- An old Greek myth relates that when the announcement of Christ’s crucifixion was made, all the trees met together and agreed that none of them wished to be part of the event. When the time came for the wood to be selected by the soldiers, each piece began to split and break into many other pieces, making it impossible to use. However, only the evergreen oak or the ‘Ilex’ did not split and allowed itself to be used. Hence, the other trees looked upon the oak as a traitor, another Judas. As a result, some Greek people will not have any part of the evergreen oak tree brought into the house, or allow their axes to come into contact with the tree. Just like Judas, the tree is seen to be eternally condemned.
- In the Ancient Days, the Nine Hazels of Wisdom grew at the source of the River Boyne, at the well of Segais. Hazel, as such, is considered the Tree of Knowledge in Irish traditions, and under the Bretha Comaithchesa, the Laws of the Neighbour-hood, hazel was granted the highest rank as one of airig fedo, ‘a noble of the wood’.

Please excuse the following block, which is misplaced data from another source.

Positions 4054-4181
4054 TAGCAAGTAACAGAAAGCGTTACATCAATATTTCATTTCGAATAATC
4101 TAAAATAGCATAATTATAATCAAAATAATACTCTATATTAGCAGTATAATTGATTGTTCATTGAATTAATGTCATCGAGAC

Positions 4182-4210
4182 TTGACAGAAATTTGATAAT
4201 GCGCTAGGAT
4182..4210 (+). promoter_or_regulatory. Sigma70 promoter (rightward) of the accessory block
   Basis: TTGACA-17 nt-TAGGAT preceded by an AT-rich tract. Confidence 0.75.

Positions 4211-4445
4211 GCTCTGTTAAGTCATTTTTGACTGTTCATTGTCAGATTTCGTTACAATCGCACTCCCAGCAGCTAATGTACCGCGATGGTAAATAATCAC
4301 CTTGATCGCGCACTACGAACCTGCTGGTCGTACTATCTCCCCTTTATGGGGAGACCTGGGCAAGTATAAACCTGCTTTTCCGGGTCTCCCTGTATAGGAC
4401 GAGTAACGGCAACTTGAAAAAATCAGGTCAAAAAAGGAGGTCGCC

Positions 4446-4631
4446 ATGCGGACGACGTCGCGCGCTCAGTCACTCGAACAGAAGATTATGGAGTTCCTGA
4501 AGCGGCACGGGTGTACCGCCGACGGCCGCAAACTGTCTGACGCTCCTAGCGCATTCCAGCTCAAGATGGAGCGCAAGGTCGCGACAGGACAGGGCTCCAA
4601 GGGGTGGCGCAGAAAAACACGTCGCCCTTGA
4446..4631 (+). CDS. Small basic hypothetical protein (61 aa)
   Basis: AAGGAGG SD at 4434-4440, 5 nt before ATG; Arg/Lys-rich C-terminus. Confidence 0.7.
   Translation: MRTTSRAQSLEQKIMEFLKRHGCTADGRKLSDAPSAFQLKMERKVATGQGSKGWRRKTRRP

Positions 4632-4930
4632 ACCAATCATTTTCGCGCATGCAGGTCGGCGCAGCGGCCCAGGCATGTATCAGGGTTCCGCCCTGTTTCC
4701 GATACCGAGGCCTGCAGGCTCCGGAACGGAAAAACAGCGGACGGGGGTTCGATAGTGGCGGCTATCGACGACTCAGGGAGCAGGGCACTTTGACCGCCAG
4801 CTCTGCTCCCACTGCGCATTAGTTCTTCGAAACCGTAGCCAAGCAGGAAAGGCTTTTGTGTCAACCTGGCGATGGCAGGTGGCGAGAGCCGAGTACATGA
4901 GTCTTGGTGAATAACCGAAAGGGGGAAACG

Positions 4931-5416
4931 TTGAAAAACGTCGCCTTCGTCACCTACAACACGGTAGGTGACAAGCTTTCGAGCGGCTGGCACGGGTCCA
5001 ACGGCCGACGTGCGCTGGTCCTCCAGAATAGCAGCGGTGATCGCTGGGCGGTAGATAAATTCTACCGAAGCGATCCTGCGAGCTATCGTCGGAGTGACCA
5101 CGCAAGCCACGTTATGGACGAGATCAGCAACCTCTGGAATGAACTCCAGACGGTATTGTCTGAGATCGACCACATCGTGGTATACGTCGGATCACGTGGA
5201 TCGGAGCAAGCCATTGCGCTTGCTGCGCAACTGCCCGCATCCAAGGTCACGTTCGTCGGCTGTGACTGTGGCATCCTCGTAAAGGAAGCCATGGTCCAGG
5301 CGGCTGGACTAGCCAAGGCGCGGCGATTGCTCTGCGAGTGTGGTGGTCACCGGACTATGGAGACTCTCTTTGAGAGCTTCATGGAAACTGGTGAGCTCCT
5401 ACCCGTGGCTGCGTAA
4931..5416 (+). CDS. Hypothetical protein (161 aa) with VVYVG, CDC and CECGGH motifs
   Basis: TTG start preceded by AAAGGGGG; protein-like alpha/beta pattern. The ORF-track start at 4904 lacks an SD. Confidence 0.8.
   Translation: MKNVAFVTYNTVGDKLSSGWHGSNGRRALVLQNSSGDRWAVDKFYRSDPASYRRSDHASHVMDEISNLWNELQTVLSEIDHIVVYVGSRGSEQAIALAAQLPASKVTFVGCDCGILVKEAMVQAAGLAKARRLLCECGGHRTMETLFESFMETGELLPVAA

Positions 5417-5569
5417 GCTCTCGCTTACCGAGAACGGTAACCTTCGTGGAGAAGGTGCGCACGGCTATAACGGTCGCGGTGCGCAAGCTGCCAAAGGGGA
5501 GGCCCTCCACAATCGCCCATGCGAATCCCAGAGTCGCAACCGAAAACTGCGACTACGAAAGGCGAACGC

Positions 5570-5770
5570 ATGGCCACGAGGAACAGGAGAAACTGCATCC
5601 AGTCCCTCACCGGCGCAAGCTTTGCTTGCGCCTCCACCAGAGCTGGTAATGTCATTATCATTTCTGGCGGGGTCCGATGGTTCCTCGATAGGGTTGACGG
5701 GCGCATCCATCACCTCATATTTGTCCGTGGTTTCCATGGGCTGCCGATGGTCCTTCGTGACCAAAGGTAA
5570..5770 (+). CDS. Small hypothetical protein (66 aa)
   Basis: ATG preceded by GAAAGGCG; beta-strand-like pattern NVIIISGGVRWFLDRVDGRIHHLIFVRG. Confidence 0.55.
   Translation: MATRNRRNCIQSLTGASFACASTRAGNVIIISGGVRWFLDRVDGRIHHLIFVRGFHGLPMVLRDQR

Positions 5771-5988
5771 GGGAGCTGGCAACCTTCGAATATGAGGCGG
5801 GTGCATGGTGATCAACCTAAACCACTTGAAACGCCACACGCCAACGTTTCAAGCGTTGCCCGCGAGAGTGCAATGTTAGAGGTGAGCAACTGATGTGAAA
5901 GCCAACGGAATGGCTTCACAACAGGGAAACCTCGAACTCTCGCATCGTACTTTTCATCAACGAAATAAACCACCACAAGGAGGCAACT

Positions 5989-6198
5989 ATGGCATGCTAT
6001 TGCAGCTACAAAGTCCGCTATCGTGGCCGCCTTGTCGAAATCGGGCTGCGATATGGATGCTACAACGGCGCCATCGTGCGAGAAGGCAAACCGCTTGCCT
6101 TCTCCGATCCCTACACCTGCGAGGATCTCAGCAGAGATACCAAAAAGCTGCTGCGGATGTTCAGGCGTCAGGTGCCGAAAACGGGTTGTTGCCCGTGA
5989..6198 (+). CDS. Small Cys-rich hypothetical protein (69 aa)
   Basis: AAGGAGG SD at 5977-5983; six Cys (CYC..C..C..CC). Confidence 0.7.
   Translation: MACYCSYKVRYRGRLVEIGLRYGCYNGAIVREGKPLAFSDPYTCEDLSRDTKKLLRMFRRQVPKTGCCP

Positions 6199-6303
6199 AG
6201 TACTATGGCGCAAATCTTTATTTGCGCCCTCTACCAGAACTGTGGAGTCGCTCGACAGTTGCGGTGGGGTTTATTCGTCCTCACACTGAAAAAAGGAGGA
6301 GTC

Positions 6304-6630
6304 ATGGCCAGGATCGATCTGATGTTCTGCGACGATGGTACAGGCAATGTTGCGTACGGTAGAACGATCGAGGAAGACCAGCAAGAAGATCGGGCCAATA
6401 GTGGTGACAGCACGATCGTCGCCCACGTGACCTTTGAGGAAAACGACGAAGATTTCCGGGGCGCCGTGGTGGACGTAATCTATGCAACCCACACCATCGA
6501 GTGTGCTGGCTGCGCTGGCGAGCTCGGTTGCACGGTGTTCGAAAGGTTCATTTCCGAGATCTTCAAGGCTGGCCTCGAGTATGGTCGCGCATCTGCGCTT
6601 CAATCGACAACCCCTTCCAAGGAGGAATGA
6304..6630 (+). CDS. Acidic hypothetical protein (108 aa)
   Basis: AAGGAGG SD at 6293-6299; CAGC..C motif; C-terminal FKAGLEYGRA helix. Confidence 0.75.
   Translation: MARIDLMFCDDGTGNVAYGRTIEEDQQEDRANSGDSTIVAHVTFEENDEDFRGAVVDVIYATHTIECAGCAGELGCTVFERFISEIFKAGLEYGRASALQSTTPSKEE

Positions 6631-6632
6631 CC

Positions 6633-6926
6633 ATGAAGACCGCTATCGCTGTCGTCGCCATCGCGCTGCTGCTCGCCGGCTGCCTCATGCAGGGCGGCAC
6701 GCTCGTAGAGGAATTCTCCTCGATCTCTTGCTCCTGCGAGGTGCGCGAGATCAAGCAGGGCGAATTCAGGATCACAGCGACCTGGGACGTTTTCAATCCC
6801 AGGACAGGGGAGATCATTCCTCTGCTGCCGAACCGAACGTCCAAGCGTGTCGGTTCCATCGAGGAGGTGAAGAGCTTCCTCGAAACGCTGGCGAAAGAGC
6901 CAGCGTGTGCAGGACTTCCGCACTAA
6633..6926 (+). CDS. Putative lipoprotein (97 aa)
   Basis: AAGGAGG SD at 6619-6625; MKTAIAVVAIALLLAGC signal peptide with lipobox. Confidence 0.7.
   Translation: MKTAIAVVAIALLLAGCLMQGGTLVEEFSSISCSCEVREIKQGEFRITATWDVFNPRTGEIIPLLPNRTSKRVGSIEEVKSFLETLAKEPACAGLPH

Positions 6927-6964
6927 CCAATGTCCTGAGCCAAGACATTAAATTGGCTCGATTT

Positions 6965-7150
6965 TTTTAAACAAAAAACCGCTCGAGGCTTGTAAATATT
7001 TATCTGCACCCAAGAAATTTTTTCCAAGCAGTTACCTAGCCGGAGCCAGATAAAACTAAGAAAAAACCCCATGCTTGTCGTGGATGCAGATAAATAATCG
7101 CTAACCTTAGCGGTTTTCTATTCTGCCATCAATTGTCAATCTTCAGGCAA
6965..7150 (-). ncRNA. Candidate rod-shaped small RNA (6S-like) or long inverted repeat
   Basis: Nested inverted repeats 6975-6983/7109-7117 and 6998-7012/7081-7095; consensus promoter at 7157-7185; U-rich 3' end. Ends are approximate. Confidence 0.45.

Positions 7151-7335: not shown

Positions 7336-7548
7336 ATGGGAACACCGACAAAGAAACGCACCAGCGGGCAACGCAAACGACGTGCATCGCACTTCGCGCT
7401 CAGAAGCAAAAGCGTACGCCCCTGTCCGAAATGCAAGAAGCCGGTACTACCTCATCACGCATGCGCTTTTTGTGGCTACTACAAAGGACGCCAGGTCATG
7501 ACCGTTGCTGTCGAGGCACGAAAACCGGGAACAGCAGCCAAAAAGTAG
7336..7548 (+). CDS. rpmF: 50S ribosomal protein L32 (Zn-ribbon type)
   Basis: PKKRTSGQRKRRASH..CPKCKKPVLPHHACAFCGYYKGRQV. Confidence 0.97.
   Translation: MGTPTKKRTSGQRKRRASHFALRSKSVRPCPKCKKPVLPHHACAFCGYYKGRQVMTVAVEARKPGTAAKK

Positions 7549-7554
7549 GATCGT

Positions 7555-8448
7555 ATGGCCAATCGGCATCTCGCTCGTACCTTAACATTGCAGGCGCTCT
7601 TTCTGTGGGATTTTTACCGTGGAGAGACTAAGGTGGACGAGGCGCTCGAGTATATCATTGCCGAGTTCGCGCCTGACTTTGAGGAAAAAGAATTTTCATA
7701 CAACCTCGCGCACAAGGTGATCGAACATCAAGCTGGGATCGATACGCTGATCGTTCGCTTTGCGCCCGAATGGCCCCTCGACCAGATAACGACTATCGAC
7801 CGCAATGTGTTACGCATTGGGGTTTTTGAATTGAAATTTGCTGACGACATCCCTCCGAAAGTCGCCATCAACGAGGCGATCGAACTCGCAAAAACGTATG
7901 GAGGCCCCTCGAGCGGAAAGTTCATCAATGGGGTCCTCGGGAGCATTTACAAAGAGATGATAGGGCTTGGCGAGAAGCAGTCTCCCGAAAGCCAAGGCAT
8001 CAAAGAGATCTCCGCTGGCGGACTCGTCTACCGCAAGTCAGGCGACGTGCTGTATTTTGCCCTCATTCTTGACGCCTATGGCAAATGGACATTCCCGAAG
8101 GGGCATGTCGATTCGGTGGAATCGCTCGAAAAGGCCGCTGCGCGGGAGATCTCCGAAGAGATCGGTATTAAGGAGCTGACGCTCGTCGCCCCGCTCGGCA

- Hazelnuts were undoubtedly an important source of seasonal food in Ireland and elsewhere. The nuts have to be picked on a dry, mid-autumn day when they are about to fall. The dry nuts, once cleaned of the husk, can be stored for some time (providing the storage area is cool and well-aired) and may be eaten as required.
- It was thought that a hazelnut kept in the pocket wards off rheumatism and lumbago. The liquid from hazel catkins was used as an olive-coloured pigment in paint.
“Holly and hazel, elder and rowan and bright ash from beside the ford.”
“Cuileann agus coll, trom agus cárthan Agus, fuinseóg gheal o bhéal an átha.”
“Two hazel nuts I threw into the flame,
And to each nut I gave a sweetheart’s name.
This, with the loudest bounce me sore amazed,
That, with a flame of brightest colour blazed.
As blazed the nut, so may thy passion grow,
For ’twas thy nut that did so brightly glow.”